Do you have what it takes to manage a CEO like Camila Batmanghelidjh?
The article in today’s Guardian,”Camila’s Kids Company: The Inside Story review – both damning and vindicatory” by Sam Wollaston accurately summarises my feelings on watching the fascinating BBC programme last evening about Camila Batmanghelidjh and Kids Company. It was a extraordinary exposé and very revealing – if you are interested in running businesses do watch it.
I am left reflecting on how important it is that Trustees, Non-Executive Directors and Board Governors really, truly scrutinise the operational decisions of management and how difficult it can be to do this with a charismatic, single minded CEO who, no doubt in Camila’s case, brushed off probing questions and deliberately kept information away from the Board.
It strikes me that to get it right, the Board needs to be not just seen as additive but actually is additive to the company. In addition, they must overtly demonstrate they have the same common interest as management, namely delivering the mission of the business and safeguarding the interests of the stakeholders. This makes sure the relationship with Board Directors is positive and supportive so that CEOs and managers are confident about bringing bad news to the Board table – Board Directors are not parents to tell the management off which is how I think Camila saw it.
It also intrigues me that she tried to hide behind the audits and because they were ‘clean’ everything was therefore fine. Given what we now know this not only reveals her own inadequate financial understanding but begs the question why didn’t her Finance Director explain it to her. Interestingly the TV programme doesn’t show any of the finance professionals in the business – they must have been there but obviously they were so way down the ranks of importance in Camila’s mind they didn’t merit featuring on the documentary. I think CEOs not seeing (or demoting) the value of the finance function is always a bad sign and the Board should have treated this as a warning and investigated it.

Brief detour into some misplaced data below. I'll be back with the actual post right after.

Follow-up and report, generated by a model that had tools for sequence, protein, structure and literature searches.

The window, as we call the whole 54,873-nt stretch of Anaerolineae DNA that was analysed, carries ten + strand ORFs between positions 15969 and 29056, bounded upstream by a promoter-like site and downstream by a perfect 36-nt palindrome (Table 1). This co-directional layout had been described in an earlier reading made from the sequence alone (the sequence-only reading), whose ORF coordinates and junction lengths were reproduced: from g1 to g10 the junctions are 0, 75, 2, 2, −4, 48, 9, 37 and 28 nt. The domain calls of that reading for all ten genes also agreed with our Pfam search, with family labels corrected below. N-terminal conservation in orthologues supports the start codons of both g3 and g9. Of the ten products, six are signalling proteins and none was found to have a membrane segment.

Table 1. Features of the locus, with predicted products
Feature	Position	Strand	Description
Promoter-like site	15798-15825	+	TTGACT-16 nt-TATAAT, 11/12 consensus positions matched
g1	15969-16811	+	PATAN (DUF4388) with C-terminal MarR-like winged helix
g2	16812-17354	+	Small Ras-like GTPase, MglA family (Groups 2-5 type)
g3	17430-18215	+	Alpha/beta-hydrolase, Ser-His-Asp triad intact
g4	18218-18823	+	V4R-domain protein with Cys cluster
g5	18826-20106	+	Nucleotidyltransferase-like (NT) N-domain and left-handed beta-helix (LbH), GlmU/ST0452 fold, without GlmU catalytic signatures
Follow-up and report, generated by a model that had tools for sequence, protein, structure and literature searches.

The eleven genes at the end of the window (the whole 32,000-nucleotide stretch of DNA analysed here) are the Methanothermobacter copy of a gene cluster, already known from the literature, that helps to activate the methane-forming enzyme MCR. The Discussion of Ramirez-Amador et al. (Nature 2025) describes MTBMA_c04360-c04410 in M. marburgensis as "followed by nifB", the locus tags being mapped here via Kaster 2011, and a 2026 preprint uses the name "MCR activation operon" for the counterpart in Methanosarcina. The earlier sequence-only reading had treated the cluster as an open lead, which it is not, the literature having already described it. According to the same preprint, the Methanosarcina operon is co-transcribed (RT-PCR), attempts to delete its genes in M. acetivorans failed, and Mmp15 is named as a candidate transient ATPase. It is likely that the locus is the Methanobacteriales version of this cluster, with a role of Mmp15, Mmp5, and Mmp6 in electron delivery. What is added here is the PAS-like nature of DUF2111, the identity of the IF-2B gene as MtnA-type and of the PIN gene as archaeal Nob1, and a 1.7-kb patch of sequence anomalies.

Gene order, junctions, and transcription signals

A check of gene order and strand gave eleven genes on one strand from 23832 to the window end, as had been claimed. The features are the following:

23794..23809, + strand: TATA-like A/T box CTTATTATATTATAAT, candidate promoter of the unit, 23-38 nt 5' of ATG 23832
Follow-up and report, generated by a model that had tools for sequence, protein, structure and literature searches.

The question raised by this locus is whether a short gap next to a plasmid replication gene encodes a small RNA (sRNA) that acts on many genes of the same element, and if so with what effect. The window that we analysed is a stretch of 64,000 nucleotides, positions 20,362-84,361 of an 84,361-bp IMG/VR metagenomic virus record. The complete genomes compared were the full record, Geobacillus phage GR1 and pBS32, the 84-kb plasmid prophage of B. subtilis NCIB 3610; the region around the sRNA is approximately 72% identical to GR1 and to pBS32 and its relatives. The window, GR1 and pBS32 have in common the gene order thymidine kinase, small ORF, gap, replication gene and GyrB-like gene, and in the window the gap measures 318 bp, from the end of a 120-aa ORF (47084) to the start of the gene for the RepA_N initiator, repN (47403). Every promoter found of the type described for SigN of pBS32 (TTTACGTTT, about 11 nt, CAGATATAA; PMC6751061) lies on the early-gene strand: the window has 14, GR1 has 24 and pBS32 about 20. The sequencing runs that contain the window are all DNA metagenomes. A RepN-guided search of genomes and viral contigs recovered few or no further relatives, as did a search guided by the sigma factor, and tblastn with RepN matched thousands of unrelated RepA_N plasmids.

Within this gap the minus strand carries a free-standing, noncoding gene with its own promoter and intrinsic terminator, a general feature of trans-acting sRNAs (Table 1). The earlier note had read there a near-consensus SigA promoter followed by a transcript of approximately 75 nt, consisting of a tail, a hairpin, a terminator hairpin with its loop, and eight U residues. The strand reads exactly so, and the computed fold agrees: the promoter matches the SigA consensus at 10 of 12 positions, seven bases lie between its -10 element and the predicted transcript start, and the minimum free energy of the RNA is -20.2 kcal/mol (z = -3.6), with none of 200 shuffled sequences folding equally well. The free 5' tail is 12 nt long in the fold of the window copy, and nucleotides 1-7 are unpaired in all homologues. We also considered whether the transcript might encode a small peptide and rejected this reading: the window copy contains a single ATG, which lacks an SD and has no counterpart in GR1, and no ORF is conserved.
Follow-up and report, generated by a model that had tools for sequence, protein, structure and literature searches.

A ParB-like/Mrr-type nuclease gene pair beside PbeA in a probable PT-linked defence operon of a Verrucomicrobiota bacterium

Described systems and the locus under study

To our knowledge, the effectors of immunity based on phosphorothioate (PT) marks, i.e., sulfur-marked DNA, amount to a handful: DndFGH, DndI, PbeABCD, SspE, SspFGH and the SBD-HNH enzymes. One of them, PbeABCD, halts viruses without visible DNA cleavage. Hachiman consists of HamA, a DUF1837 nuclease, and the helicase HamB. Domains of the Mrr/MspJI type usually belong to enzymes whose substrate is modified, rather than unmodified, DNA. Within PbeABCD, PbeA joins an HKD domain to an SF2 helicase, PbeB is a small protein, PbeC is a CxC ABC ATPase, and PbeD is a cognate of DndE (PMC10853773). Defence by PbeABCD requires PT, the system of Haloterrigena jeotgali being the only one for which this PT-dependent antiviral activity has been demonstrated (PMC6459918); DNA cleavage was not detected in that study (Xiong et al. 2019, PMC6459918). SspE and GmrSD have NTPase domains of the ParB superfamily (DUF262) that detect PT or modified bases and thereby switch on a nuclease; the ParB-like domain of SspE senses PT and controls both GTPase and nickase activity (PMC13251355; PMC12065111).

And since when are we expecting moral judgements from our auditors? Auditors make sure money is properly accounted for, which is entirely different than passing judgement on how its used, unless, of course, it has been used illegally. It was the job of the Board to query the brown paper envelope payments to individuals which would have been documented in the accounts as ‘food vouchers’ and similarly the Trustees needed to decide if splendid interior of the “White House” home (paid for by Kids Company for psychotherapy) was appropriate, as the accountants would have signed off ‘costs of refurbishment’. This also speaks to having Trustees who are qualified to do the role. The financial mismanagement at Kids Company is now well documented – unrestricted reserves in the 2013 accounts of less than £500k when benchmarks suggest this should have been nearer £4m – and yes, in this case I would have expected the auditors to alert the Board that the reserves were too small, so were the Trustees sufficiently financially literate?
The list of the Trustees of Kids Company looks good, indeed it looks impressive. Actually this list was quite hard to find; Alan Yentob is referred to all the time in the media but I had to dig into the Fourth Report from the House of Commons Committee to find the list of the other Trustees in Annex A. One can only surmise that these, on the face of it, well qualified business individuals just didn’t take the time to get close enough to the business; that were they just ‘stuffed shirts’.
The lesson to CEOs is there’s no value in having stuffed shirts around your Board table: you need to get over any delusions of grandeur you have that you don’t need oversight because you do. Board Directors or Trustees should be selected on the basis that they will both do their job well and work with the management team effectively. In my mind, there is no doubt Kids Company could have been saved if the Trustees had done their job properly.